Thursday, September 21, 2006

Part Time Pittsburgh

Pittsburgh needs to do better job of anticipating the future. I recommend embracing mobile labor markets. The region could establish leadership on this front building the requisite infrastructure to serve the Mobile Class (WiFi downtown is a step in the right direction), but restructuring business practices should be the location of the most dramatic changes. Splitting time between two home bases is becoming increasingly feasible and even desirable. Employers are beginning to catch on to this trend:

It turns out that Thompson's employer, Carondelet Health Network, offers what many believe will become, as the population ages, the hottest thing in job benefits since the 401(k): seamless employment in two or more places.

Most workers taking advantage of those programs are so-called snowbirds, who live in the North but flee the freezing temperatures from January through March. For a lot of reasons, the population of working snowbirds is expected to explode over the next few decades. For one thing, baby boomers are just beginning to enter their Florida years. Many are determined to keep working on their own terms--some because they want to, others because they must.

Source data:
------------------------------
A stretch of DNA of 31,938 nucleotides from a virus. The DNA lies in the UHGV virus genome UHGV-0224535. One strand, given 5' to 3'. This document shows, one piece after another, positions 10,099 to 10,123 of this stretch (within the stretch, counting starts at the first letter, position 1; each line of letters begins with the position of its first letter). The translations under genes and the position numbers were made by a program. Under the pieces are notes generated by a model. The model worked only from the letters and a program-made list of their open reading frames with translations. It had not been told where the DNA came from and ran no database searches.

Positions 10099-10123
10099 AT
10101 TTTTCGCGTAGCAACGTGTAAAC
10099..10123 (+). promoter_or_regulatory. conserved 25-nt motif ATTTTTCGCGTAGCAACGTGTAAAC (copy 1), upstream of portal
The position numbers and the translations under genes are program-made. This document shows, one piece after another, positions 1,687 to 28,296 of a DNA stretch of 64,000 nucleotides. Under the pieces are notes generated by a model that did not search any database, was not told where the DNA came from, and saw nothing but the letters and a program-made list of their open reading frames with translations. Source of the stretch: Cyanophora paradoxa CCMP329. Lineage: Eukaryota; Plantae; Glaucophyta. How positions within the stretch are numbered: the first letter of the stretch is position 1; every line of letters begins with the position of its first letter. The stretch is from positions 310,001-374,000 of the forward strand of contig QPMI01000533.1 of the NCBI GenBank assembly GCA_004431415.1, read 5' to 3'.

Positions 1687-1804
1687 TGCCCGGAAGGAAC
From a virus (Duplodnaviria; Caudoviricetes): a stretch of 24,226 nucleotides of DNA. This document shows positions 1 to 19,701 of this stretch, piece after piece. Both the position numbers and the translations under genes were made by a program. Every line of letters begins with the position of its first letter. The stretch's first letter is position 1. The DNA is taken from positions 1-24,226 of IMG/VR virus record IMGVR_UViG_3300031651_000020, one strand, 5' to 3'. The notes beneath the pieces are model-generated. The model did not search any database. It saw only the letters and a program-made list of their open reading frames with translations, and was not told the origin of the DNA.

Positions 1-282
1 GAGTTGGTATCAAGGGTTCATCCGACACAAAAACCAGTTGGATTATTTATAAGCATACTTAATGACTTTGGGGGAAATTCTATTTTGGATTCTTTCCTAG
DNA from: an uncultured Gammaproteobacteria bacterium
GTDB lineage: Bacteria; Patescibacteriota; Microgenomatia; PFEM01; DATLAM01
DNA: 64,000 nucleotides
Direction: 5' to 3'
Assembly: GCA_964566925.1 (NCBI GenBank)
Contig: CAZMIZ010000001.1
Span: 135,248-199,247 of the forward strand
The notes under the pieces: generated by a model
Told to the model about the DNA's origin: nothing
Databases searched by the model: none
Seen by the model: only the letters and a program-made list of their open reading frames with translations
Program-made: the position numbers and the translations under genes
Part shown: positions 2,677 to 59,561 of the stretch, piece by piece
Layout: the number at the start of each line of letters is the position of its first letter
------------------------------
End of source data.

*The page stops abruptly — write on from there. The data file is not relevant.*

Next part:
I offer that Pittsburgh-centered businesses co-locate in key Burgh Diaspora locations. Workers could own homes in the relatively cheaper Pittsburgh and rent apartments (perhaps at the company's expense) in the other city for use when face-to-face interaction is necessary. Workers could spend 3 days telecommuting from home and then 2 days at the office in another region. A business could invest in shell outposts in the network, with Pittsburgh serving as the hub.


John Morris said...

This fit's my own ideas in terms of attracting artists. I think for a lot of people, spending a month or two a year of hardcore studio time in Pittsburgh while keeping thier main places in NY would be very apealing. You could buy a relatively cheap place and rent it out the rest of the time.

I think that there are a huge number of artists who are sort of not tied to any particular city. In fact the curator's of the last Whitney Biennial ( of American art ) found it so hard to pin down who was an American artist that they decided to make it an international.

Unknown said...

I would set up the accommodations a little differently. The corporate Pittsburgh location should invest in a gasthaus for visiting employees, similar to a corporate hotel. Then let the telecommuters reside wherever they want at their own expense.